By Dan Friedman
Recently there was a post on the Voice Artists United Facebook page that discussed coaches. The talent (who I do not know) wrote that he was discouraged by some comments that his most recent coach had made. At the time I write this, the post has 48 comments with some very popular names in the industry weighing in.
Don’t let the title of this article fool you. Getting some VO coaching is critical to your career. At a minimum, good coaches teach breathing, script construction, industry terminology, how to take direction and the mechanics of different styles and deliveries. They should also be teaching microphone technique, basic equipment needs and (hopefully) studio etiquette. Many coaches offer additional instruction on other topics related to voice over such as marketing, basic audio recording and audio editing. Coaches provide encouragement, direction and might even be able to get you a gig or two.
Voice coaches can be many things and their role and importance in your career can change as your career grows and progresses. The most important job of the coach is to be completely honest when evaluating your abilities and offering feedback. This feedback is important. But, at some point, you have to learn to hear “it” for yourself. The truth of the matter is, you have the best coach with you at all times… your ears.
Voice over coaches are indirectly trying to get every student to open their ears and truly listen. Learning to hear the differences and nuances in attitude, style, pacing, inflection, emphasis, amount of smile, etc. is, in my opinion, the real secret to doing voice over well. Almost anyone can learn to do these things with their voice if they are aware of what to do and practice doing it. However, being able to hear the subtle nuances of your delivery is what enables you to stop simply playing with words and allows you to become the communicator that every serious voice talent should work toward becoming.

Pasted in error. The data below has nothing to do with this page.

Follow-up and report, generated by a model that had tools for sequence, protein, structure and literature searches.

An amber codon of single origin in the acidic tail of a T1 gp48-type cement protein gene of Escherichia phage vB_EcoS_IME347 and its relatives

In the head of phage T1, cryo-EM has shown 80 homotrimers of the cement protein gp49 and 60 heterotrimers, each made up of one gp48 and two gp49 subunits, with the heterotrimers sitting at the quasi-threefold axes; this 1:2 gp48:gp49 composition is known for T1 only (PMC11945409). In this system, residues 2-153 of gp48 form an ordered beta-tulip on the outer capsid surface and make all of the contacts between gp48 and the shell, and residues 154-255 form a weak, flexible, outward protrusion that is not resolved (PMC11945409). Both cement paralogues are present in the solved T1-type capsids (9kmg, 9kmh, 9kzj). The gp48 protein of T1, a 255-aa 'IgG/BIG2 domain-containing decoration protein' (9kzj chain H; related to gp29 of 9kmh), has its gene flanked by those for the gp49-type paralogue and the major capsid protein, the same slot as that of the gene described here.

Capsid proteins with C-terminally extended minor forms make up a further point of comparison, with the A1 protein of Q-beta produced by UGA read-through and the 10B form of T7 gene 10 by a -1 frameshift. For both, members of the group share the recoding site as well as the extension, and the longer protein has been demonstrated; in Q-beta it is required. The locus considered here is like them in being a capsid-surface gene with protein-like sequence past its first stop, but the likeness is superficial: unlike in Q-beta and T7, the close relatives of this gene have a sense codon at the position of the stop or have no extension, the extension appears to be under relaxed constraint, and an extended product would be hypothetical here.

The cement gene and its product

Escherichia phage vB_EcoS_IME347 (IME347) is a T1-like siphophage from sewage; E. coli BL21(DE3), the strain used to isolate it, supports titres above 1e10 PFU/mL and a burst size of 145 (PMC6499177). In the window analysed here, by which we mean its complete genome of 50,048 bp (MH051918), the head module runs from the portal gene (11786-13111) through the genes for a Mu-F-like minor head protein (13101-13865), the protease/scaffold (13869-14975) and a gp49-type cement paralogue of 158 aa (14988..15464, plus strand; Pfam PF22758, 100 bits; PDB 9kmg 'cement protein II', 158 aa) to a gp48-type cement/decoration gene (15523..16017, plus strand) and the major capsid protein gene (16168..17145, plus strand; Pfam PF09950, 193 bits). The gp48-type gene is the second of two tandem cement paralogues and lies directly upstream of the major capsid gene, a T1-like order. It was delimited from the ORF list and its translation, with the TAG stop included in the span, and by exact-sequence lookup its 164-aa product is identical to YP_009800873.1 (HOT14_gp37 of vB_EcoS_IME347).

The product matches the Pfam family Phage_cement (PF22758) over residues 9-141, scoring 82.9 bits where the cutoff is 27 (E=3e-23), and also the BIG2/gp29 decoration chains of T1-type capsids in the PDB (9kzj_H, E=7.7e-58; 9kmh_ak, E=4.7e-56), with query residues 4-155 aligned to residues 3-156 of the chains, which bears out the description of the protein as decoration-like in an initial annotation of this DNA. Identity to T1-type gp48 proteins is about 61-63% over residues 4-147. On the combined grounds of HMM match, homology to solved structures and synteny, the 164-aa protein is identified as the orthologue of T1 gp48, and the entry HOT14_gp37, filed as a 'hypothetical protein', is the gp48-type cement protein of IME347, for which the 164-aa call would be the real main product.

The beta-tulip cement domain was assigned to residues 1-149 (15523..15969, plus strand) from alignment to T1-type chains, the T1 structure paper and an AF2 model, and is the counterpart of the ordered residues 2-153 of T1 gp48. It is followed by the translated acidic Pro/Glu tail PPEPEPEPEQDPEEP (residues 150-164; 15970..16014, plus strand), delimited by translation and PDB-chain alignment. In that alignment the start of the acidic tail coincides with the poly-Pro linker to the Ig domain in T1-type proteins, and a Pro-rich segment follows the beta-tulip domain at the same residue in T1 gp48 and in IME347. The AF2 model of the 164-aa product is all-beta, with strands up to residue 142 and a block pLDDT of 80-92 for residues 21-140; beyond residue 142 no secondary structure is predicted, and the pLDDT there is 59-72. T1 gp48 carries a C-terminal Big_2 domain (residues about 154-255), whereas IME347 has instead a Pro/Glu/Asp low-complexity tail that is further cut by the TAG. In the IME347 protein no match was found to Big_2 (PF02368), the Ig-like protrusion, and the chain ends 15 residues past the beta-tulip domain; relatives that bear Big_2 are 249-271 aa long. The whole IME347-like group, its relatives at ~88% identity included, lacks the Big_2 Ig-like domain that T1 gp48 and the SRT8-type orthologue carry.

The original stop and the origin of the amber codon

Coaching deliberately teaches the techniques that get the brain, mouth and voice working together to physically do what needs to be done. But many voice talent fall short by failing to truly engage their ears. This is one reason why so many voiceovers are pieced together line by line by the engineers, whose job it is to use their ears everyday. While this is common in today’s world of fast digital editing and even clients have gotten comfortable working this way, this is not exactly how it is meant to be.
You have two ears and one mouth to remind you to use your ears twice as much. Record, read, playback, listen, adjust accordingly and do it over and over again. Learn to use your ears, use them purposefully and over time you will learn to trust them. You will know immediately what is working and what isn’t. You will learn to fine tune and self-correct. While you may still want to get professional voiceover coaching from time to time, for the most part, you will be your own coach. You will no longer need to feel discouraged by harsh critiques, or pay someone to give them to you. Instead you will get paid to take direction and be proud of the great work you’ve done for your clients.